Joint Health And Safety Committee Part 1

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Two members of a joint health and safety committee compare notes

Training for Joint Health & Safety Committee Members (JHSC)

Joint Health and Safety Committee Training (JHSC) Part 1 is a 3 day course for:

  • Joint health & safety committee members (businesses with 20+ employees)
  • Health & safety representatives (businesses with 5-19 employees)
  • Members

Our courses are flexible and can be designed to accommodate your schedules. Courses can be taken either at our facility or your workplace. Auspice Safety is fully certified to deliver Joint Health and Safety Committee Training (JHSC) under the Ministry of Labour.

Frequently Asked Questions

A Joint Health and Safety Committee is an advisory body which helps raise awareness of health and safety issues in the workplace, and identifies risks and recommendations for the employer to address these risks. Joint Health and Safety Committees are committed to improving health and safety conditions in the workplace. The Joint Health and Safety Committee also appoints a designated member to inspect the workplace at least once a month. Their main goal is to work with employers in order to improve safety conditions at the workplace.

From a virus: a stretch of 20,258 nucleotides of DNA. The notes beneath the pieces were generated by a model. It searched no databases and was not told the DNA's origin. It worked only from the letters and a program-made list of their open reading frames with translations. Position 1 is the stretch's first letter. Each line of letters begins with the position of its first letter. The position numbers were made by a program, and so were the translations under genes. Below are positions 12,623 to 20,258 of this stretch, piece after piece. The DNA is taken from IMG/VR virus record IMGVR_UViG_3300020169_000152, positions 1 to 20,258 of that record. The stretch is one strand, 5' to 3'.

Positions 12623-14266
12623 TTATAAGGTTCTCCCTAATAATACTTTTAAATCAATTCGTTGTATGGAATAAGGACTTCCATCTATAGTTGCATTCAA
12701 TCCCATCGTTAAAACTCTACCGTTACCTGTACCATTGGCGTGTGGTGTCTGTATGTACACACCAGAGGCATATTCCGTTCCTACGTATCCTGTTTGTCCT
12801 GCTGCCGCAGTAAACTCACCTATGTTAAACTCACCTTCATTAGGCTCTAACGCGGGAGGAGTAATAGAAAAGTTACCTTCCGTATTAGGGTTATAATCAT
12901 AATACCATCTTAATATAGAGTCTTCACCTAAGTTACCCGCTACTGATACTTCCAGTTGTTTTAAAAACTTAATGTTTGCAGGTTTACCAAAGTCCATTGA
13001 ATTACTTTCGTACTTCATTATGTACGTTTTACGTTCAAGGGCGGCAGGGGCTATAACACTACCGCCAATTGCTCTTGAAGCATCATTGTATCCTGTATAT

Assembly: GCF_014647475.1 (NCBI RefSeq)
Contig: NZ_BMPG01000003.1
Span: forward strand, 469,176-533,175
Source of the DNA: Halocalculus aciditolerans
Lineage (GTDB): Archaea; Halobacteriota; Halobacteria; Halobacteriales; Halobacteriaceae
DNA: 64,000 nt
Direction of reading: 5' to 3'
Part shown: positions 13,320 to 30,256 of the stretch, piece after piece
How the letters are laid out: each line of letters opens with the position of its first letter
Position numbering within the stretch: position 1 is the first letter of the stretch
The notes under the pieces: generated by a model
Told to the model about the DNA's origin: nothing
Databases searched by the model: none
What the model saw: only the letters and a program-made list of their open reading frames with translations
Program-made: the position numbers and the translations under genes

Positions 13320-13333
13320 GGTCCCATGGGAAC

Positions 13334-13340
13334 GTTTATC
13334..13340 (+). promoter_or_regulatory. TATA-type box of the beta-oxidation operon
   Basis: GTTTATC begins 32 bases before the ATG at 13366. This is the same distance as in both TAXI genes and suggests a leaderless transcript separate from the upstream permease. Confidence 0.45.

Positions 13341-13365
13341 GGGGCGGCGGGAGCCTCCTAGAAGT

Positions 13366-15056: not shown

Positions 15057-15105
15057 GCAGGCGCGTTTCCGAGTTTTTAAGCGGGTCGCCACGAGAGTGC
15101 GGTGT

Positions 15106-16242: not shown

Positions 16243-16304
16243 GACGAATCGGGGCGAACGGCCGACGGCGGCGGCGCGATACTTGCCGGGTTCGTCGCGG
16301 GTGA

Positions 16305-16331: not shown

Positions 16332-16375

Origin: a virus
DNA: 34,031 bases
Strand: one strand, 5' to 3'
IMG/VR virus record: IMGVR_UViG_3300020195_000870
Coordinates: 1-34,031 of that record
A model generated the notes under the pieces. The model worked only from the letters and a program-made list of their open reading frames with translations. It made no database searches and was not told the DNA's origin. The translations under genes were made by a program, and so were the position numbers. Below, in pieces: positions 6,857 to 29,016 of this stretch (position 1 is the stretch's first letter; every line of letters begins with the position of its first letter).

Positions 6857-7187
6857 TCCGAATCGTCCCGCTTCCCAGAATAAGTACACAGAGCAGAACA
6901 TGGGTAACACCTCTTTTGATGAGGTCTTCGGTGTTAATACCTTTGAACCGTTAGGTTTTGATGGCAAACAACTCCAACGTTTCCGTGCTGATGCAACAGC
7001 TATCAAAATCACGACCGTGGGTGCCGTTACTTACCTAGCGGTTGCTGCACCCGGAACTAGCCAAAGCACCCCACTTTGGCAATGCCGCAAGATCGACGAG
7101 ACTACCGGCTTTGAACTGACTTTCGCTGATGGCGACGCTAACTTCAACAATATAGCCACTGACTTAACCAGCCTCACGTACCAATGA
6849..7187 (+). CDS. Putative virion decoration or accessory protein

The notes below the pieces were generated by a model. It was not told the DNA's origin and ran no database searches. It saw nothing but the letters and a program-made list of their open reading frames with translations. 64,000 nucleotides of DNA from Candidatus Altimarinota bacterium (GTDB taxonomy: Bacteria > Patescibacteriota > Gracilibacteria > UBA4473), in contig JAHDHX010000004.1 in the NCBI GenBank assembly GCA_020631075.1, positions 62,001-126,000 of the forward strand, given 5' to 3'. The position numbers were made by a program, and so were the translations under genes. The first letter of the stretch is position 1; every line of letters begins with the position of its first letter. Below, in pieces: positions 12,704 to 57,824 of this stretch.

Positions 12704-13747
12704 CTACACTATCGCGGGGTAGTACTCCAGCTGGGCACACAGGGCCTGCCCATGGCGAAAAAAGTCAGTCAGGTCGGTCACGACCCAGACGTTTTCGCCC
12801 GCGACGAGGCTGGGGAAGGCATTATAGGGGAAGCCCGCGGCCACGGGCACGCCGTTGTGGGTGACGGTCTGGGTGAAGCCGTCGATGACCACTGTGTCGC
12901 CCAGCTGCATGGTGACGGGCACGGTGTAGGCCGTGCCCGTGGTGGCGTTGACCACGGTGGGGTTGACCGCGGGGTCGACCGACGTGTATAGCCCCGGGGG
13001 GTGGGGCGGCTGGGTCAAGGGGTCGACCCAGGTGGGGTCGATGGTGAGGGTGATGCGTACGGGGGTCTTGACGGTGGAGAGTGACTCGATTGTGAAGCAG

As the name suggests, Joint Health and Safety Committees are a joint effort between management and employees. Half of the members of the committee should be selected from employees who do not exercise management, and are selected by the workers. The other half should be chosen by the employer, and should consist of people with managerial functions.

The number of members which should be on a Joint Health and Safety Committee depends on the size of the workplace. When there are fewer than 50 employees in a workplace, the Joint Health and Safety Committee should have a minimum of 2 members. When there are more than 50 people, the committee should have at least 4 members. If a workplace has between 5 and 20 workers, they are not required to have a Joint Health and Safety Committee, however they should have at least one Health and Safety Representative. Workplaces with 5 or fewer workers do not need a Health and Safety Representative unless there is a designated substance regulation.

Legislation states that Joint Health and Safety Committee members should meet at least once every three months, however more frequent meetings can be beneficial especially if the workplace involves hazardous substances or procedures.

Joint Health and Safety Committee Meetings must be chaired by two members. One of the chairs is chosen by the members who represent the workers, while the other member should exercise managerial functions. It is strongly recommended that the chairs alternate each meeting.